Told through text messages, passed notes, and emails, this series kickoff introduces sixth-grade BFFs Cecily, Gabby, and Prianka. Gabby is keeping a couple secrets from her friends, including her crush on a classmate, but otherwise the girls share their thoughts on everything, from attending their first boy-girl party to joining the committee to organize the Valentine’s Day dance. Problems surface when new student Victoria hopes to join their circle. Cecily wants to include Victoria, Gabby and Pri think she’s weird, and things come to a head when Pri accidentally texts a thoughtless remark about Victoria in a group chat that Victoria is part of, leading to an exploration of cyberbullying and ways kids can counter it. In this fine successor to Lauren Myracle’s TTYL and its sequels, Greenwald (11 Before 12) realistically captures the language of texting tweens, including exuberant use of emoji, and how mistakes can be made and tone misunderstood amid rapid-fire digital conversations. All three girls are sympathetic in their imperfect approaches to the challenges of middle school. Ages 8–12. Agent: Alyssa Eisner Henkin, Trident Media Group. (Jan.)
To be honest, middle school is rough! Cecily, Gabby, and Prianka have been BFFAE since pre-K, so it’s totally natural when they don’t include the new girl, Victoria, in their plans and group texts.
Between organizing the school Valentine’s Day dance, prepping for their first boy-girl party, and trying to keep their texts so boring their moms won’t use spy apps to read them, the friends only have time for each other.
But when Victoria is accidentally sent a hurtful text message, the entire sixth grade gets called out for bullying, cell phones are confiscated, and the trio known as CPG4Eva is forced to figure out just how strong their friendships are IRL.
An enjoyable, sure-to-be popular read.
Praise for MY SUMMER OF PINK & GREEN: “[A] playful, thought-provoking novel of girl power.
Enticing and readable.
Lisa Greenwald goes beyond emojis to the power, both hurtful and helpful, inherent in this concentrated form of communication. Young readers (and their parents) will find characters who are cringe-worthily familiar!”
This gem of a book is sprinkled with just enough muscle. To all my tween book BFFs: you will adore TBH, This Is So Awkward!
Praise for 11 BEFORE 12: “Omigosh, I LOVE Lisa Greenwald’s new book. Brilliant, laugh-out-loud hilarious, and heartbreaking (in a good way), 11 BEFORE 12 is probably the best middle school friendship ever. Totes on fleek-legit!
Get ready to fall in love with these girls who use their humor and wit (and lots and lots of emojis) to right wrongs and build bridges.
Gr 4–7—Told mostly through emoji-laced text messages, TBH (to be honest) follows the sixth grade school year of three good friends, Prianka, Gabrielle, and Cecily. Their perfect friendship is disrupted by the arrival of Victoria, a new girl desperate to fit in. While Gabrielle and Prianka do not intentionally exclude Victoria, they consistently brush off Cecily's requests to include her, and never respond to her group texts. Their days are full of homework, crushes, a co-ed party, Gabrielle's possible move, and the upcoming Valentine's Day dance. But after Victoria's mother emails the principal about social cruelty and exclusion, the dance is canceled. Parents download an app to monitor their children's text messages, the girls fight, and, eventually, everyone learns important lessons about kindness, friendship, and spending too much time on their phones. Prianka and a boy named Vishal are the only explicitly non-white characters. Readers familiar with Hindu culture will recognize references to Bal Vishar. The characters in each text exchange are notated by their first initials at the beginning of the entry, which can create some confusion. The finished book will be in two colors which should help with tracking and make the emojis easier to see. While timely, the characters remain flat and the theme feels tacked onto a rather slight story line. Fans of the format, however, may be willing to overlook the book's flaws. VERDICT A supplemental purchase for larger tween collections.—Suzanne Myers Harold, Astoria Public Library, OR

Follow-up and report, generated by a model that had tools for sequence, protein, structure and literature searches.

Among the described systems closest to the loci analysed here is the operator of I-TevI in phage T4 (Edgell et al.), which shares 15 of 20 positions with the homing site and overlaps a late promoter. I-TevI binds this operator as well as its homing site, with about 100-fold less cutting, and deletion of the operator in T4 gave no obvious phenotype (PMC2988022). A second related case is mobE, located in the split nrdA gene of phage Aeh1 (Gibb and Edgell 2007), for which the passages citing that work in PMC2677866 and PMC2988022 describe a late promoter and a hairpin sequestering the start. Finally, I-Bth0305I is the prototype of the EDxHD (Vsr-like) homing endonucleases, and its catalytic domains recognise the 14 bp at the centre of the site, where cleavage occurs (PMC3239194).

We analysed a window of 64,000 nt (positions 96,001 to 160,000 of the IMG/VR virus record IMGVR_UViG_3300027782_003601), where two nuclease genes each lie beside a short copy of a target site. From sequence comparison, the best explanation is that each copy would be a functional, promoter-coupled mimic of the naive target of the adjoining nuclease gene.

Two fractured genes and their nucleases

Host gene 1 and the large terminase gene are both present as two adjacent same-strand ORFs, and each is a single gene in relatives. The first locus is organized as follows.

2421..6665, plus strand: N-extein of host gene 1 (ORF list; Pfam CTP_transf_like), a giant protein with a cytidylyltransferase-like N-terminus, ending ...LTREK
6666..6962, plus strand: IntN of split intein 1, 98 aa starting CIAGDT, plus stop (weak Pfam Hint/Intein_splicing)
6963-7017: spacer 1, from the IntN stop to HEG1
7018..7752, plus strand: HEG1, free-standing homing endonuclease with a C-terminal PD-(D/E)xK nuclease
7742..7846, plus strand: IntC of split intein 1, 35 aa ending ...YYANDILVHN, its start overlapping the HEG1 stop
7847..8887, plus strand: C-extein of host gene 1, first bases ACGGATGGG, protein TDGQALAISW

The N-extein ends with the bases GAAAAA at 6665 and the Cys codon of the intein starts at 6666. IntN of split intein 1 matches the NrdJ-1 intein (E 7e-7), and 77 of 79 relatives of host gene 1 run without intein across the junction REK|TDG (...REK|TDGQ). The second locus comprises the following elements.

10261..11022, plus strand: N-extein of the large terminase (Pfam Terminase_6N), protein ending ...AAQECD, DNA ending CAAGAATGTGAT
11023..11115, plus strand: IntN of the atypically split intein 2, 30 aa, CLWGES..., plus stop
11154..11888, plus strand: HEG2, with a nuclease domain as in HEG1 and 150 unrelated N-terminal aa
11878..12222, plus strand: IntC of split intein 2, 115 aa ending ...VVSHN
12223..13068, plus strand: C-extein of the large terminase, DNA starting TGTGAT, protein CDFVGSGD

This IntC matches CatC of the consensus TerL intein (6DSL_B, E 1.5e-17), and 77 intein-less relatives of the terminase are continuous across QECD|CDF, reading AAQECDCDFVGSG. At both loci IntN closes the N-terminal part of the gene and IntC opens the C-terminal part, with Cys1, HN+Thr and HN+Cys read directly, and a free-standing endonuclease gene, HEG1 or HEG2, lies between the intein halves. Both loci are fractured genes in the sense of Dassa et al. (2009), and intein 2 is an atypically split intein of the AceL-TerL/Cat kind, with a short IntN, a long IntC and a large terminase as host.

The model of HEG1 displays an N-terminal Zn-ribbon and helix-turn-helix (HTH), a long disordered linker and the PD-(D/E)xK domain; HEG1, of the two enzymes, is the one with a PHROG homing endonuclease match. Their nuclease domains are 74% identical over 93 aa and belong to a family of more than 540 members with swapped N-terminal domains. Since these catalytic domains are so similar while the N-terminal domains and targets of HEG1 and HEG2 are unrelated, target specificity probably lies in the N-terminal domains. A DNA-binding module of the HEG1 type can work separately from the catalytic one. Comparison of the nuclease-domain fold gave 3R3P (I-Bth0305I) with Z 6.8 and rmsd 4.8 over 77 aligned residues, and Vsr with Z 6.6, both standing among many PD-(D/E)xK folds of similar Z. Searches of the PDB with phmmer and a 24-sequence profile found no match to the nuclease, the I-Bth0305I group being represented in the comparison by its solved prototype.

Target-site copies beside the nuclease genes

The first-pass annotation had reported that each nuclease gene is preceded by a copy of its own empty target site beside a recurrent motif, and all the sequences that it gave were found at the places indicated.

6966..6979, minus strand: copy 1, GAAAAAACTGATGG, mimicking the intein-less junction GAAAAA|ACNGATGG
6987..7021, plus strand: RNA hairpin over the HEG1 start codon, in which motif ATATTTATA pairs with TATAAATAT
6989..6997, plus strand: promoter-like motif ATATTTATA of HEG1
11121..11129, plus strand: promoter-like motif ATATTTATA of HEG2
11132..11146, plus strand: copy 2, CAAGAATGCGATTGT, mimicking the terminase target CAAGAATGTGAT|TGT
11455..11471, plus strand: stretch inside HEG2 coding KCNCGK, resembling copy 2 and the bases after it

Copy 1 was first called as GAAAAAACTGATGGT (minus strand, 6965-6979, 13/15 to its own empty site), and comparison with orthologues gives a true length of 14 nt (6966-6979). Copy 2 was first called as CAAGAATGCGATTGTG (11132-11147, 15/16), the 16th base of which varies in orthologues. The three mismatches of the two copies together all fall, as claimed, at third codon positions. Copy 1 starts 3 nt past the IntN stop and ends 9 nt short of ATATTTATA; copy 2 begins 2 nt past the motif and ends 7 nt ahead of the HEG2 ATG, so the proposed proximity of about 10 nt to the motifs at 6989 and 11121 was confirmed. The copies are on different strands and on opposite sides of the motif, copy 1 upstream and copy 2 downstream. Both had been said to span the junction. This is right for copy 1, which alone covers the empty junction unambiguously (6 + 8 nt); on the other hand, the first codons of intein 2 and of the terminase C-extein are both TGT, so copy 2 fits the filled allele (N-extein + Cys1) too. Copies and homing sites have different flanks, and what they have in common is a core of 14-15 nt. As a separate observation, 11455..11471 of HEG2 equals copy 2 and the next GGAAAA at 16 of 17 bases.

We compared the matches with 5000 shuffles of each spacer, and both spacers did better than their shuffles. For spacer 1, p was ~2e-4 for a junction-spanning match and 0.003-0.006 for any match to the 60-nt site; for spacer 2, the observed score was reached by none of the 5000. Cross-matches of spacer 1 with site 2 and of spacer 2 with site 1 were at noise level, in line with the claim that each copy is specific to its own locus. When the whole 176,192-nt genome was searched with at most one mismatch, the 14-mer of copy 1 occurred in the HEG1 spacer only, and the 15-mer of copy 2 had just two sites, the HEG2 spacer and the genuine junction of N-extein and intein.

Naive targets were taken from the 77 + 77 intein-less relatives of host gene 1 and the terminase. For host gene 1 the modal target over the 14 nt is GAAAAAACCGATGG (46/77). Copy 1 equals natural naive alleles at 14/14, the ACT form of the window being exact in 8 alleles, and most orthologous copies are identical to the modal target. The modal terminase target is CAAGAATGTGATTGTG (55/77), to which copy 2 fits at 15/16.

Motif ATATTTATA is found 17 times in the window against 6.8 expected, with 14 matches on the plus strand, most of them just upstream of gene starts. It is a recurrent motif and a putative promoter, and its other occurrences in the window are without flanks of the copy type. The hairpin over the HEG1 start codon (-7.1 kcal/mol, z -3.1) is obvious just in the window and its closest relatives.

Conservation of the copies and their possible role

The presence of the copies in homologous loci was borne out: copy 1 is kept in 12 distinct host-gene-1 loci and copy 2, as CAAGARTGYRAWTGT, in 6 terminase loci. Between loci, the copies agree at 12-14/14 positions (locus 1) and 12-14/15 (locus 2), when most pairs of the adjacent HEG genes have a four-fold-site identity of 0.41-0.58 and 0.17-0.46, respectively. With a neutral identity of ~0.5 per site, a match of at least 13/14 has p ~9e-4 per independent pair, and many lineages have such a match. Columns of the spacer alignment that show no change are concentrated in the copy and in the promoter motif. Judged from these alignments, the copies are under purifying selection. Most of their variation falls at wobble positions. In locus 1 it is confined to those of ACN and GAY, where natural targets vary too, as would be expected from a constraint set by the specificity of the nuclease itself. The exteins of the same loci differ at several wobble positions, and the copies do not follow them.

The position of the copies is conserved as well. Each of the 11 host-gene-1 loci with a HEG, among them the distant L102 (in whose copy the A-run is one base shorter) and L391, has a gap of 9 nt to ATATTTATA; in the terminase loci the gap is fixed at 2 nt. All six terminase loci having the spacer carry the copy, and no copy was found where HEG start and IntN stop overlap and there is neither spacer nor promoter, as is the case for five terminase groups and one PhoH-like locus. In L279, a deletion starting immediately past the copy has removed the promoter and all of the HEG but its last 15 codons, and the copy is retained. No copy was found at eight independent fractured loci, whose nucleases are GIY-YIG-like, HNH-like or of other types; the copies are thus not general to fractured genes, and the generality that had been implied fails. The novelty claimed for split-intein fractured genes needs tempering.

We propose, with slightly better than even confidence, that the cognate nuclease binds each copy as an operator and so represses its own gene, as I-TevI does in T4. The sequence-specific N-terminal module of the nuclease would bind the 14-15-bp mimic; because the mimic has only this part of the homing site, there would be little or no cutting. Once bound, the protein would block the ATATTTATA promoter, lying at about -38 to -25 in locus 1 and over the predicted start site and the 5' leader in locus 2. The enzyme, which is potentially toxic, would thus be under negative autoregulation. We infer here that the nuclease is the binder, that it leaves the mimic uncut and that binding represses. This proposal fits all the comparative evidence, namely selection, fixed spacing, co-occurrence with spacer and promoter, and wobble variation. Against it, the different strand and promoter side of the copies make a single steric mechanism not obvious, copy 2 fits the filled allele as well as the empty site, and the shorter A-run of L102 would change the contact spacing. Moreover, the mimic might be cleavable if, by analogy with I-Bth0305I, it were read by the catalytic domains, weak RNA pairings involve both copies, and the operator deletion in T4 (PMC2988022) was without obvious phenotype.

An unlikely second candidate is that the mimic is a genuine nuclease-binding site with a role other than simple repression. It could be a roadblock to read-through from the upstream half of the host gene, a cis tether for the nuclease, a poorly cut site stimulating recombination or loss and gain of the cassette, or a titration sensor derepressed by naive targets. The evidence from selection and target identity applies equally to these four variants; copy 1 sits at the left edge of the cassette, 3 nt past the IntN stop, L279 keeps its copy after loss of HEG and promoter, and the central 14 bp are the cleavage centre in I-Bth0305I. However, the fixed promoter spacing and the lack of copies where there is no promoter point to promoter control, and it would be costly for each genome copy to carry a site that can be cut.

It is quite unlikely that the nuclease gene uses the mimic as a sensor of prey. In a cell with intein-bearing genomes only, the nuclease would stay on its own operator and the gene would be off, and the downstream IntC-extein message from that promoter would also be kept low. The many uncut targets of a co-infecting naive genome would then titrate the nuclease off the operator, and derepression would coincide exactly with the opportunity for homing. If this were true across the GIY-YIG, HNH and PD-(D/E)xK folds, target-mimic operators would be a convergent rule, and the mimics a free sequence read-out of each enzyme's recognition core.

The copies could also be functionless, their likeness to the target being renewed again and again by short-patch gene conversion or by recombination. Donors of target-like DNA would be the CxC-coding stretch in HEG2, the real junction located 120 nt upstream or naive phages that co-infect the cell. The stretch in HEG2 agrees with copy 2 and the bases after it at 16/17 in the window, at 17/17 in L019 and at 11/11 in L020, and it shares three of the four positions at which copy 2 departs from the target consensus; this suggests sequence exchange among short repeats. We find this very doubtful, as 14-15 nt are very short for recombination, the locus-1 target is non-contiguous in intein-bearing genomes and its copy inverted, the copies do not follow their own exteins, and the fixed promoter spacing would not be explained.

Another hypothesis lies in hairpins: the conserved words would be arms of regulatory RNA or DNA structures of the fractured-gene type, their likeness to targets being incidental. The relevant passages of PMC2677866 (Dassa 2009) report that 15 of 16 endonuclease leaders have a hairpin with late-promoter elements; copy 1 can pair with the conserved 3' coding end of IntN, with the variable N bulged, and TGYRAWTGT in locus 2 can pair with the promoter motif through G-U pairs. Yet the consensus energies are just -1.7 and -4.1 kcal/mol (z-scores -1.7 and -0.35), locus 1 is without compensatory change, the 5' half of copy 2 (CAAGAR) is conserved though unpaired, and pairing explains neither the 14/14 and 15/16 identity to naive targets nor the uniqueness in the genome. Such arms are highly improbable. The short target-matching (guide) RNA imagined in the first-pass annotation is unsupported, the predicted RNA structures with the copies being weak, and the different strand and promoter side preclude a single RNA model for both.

In a story told entirely through text messages, emails, homework assignments, handwritten notes, and diary entries, three longtime besties discover it's OK to welcome new friends into your life without leaving the old ones behind.Cecily, Gabrielle, and Prianka have started the second half of their sixth-grade year, and some changes are afoot: Gabby might have to move, there's a Valentine's Day dance on the horizon (and dates with boys!), and there's a new girl at school, Victoria. When Gabby is paired with lonely Victoria for an assignment, Pri and Cecily go on high alert because Victoria seems so desperate to fit in. What if she steals Gabby from them? When someone starts sending Victoria mean texts, the principal intervenes, asking kids and parents to help "eradicate" the sixth-grade "social cruelty" or the Valentine's dance will be canceled—but the girls' attempts to include Victoria in their group texts backfire when Pri accidentally sends a rude comment about her to the entire group. Greenwald (Kale, My Ex, and Other Things to Toss in a Blender, 2017) successfully blends emojis and text to bring the high drama and emotional changes of middle school to life. Everyone appears to be white, except Prianka and the boy she likes, who are both Indian and attend Bal Vihar classes (for Hindu language and culture). A glossary of textspeak is provided.This first in a new series for preteens and young teens who value friendship and doing the right thing is pretty endearing. (Fiction. 8-13)
Enticing and readable.